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U.S. lending woes hit commercial real estate market By Ilaina Jonas NEW YORK, Aug 12 (Reuters) – The havoc in the credit markets could reduce prices that office, industrial, apartment and shopping-center properties have commanded over the past few years. “The sale prices of assets are going to decrease,” said Robert Horowitz, of Cooper-Horowitz Inc, which arranges financing. “Prices are a reflection of what people can borrow. The buyers can’t get the level of financing that they were able to obtain six months ago.” Additionally, commercial mortgage interest rates have gone up a minimum of half a percentage point, he said. Because of the turmoil in credit markets that started in the residential mortgage sector, commercial mortgage lenders are charging higher interest rates and lending lower portions of the purchase price—despite lower vacancy rates and higher rental rates. During the past couple of years, cheap money and the demand for commercial real estate allowed buyers to finance their investments by borrowing as much as 95 percent of the purchases. About 40 percent of those mortgages were from the start headed for the commercial mortgage-backed securities market, usually the cheapest way to borrow money. In the commercial mortgage-backed securities process, fixed-rate senior mortgages are issued, sold and pooled to create a base on which sponsors issue the CMBS bonds. The pool sponsors, usually investment banks, make their money selling the bonds at a higher price than the price they pay for the mortgages. However, because of the volatile credit markets, issuers have had a difficult time selling the bonds at the prices they had baked in when they bought the loans. The bond prices are based on a rate above the benchmark swap rate. The spread has been widening, driving down the bond prices. “The spread widening is because the investors are just not there, so you have to offer a higher spread to induce people to buy the paper,” said Dennis Irvin, senior managing director of CIT Commercial Real Estate. “It’s not because suddenly you’re seeing weakness in the office, retail or apartment sectors.” “It’s difficult to price the deal,” said Wachovia senior analyst Brian Lancaster. “Nobody wants to make a loan that they’re going to lose money on. Better not to make any loan. You’re not sure you can sell it.” Lancaster estimated that new loans in the CMBS pools have raised some borrowing costs 80 basis points to 180 basis points—or as much as nearly 2 percentage points. It also could delay projects by large players such as Brookfield Properties (BPO.TO: Quote, Profile, Research), experts said. Still, deals are getting done. “Any bank that I’m aware that has a loan under application, the banks are fulfilling their obligations and closing the loans,” Horowitz said. “I think the banks are hesitant to issue new ones, and if they do they’re not setting a price. They’ll set a price a few days to closing so they don’t misprice the deal.” But borrowers with good histories looking to finance strong deals can still get loans, experts said. “There is still capital available for well-underwritten deals, said William Rudin, president Rudin Management Co., a New York real estate dynasty. “We’re being told there is capital but it’s more expensive than it was two or three months ago. For some people the window is closed,” said Rudin, whose firm also is the joint-venture partner in the Reuters Building in Times Square. To make up for the amount the CMBS bank loans won’t cover, borrowers are searching for other lenders in the business of making up the difference. Mezzanine financing as it is called, usually comes at a higher rate.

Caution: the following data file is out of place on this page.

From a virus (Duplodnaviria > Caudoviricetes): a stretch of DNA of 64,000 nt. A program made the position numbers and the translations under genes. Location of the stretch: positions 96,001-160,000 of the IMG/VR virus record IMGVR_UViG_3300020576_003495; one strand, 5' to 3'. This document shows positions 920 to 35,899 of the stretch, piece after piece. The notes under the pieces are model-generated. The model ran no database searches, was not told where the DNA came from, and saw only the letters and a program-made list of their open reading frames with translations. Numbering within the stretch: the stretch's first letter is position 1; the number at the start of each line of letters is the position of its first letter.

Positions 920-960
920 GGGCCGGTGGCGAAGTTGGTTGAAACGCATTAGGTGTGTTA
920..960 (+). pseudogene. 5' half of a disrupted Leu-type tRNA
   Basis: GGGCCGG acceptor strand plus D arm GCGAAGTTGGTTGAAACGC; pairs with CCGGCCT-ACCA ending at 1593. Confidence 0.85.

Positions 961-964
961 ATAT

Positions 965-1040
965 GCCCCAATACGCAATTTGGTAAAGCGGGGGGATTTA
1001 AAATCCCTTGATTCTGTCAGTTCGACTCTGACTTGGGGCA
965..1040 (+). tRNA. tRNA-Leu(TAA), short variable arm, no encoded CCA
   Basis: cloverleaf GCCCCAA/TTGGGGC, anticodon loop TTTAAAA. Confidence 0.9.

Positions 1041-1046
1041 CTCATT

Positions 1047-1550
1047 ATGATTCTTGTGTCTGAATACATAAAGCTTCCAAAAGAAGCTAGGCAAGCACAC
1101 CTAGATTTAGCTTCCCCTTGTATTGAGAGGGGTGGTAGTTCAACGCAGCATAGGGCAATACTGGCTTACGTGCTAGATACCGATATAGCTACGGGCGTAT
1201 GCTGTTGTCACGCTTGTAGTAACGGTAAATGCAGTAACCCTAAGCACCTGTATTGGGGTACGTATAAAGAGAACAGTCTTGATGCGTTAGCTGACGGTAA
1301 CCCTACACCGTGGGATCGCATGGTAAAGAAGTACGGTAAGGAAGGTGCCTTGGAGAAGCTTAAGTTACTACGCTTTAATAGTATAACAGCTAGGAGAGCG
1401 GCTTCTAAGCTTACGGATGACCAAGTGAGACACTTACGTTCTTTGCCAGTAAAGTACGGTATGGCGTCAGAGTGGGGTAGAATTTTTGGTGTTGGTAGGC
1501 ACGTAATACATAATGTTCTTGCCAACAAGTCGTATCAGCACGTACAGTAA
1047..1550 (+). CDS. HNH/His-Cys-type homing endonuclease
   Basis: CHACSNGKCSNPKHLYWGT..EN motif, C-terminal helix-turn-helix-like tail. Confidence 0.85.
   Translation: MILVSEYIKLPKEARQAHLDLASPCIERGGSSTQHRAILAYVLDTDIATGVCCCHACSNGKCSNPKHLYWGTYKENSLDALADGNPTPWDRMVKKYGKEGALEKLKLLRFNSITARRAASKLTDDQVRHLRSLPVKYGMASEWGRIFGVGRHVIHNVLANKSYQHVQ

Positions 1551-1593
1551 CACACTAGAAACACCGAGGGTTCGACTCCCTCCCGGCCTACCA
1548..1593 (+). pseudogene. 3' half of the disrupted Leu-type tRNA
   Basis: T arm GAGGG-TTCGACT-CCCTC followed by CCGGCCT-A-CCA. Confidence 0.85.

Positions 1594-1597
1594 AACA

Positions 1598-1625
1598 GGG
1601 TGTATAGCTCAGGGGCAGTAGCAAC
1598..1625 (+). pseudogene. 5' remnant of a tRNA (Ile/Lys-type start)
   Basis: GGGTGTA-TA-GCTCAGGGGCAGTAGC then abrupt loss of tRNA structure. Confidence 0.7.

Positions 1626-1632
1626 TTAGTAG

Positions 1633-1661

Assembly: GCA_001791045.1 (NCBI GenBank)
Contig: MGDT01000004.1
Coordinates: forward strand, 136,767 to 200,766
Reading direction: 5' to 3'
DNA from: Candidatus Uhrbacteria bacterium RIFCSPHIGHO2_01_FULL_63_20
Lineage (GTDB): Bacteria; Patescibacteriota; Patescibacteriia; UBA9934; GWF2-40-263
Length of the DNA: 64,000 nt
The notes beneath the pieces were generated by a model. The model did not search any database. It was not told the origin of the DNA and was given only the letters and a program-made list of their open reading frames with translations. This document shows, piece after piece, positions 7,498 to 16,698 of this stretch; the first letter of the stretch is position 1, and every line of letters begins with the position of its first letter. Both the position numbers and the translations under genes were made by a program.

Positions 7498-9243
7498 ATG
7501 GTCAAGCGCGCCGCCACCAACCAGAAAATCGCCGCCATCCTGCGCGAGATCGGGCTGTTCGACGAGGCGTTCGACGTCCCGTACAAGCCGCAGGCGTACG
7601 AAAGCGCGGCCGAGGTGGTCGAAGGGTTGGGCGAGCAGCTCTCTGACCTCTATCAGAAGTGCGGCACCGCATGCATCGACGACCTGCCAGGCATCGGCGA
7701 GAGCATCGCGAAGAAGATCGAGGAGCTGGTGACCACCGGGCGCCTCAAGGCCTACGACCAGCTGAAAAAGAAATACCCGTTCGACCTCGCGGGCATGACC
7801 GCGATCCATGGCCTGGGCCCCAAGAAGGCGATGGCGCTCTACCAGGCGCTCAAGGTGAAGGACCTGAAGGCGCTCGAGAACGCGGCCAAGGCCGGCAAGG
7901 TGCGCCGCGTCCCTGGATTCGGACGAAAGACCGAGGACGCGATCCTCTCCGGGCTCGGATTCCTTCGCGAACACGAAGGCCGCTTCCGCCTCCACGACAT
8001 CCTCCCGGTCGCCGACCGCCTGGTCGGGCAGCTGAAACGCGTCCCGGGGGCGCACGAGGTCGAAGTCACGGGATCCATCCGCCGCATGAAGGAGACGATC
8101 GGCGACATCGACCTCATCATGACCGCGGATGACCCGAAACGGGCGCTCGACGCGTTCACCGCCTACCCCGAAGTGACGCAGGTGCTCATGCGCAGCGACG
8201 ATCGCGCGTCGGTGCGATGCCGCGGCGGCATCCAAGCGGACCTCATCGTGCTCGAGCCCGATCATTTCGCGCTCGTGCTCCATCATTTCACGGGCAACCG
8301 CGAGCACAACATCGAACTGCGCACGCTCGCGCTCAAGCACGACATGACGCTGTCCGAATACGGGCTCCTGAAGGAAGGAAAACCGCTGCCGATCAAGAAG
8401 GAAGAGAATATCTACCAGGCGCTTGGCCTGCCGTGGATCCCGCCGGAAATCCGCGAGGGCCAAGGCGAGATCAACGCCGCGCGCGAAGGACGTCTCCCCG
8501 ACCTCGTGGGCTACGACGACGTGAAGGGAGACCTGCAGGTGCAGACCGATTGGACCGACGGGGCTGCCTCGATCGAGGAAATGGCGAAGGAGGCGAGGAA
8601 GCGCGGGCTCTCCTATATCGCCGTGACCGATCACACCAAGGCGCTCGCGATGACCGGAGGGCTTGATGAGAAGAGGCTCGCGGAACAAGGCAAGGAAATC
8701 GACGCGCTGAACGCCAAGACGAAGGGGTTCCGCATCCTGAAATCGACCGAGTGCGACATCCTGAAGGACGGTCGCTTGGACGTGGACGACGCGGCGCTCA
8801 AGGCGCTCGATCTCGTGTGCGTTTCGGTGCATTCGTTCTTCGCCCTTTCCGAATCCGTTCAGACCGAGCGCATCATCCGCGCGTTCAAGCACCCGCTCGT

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“I’ve gotten five calls this morning on deals, each one of us getting 10 new calls a day, because people are saying you’re not a CMBS lender,” said Irvin, of CIT Commercial Real Estate, a unit of CIT Group Inc (CIT.N: Quote, Profile, Research). CIT Commercial Real Estate plays in the mezzanine financing sector. “It’s not a matter that deals are not getting done. It’s that they’re getting done in other shops,” he said.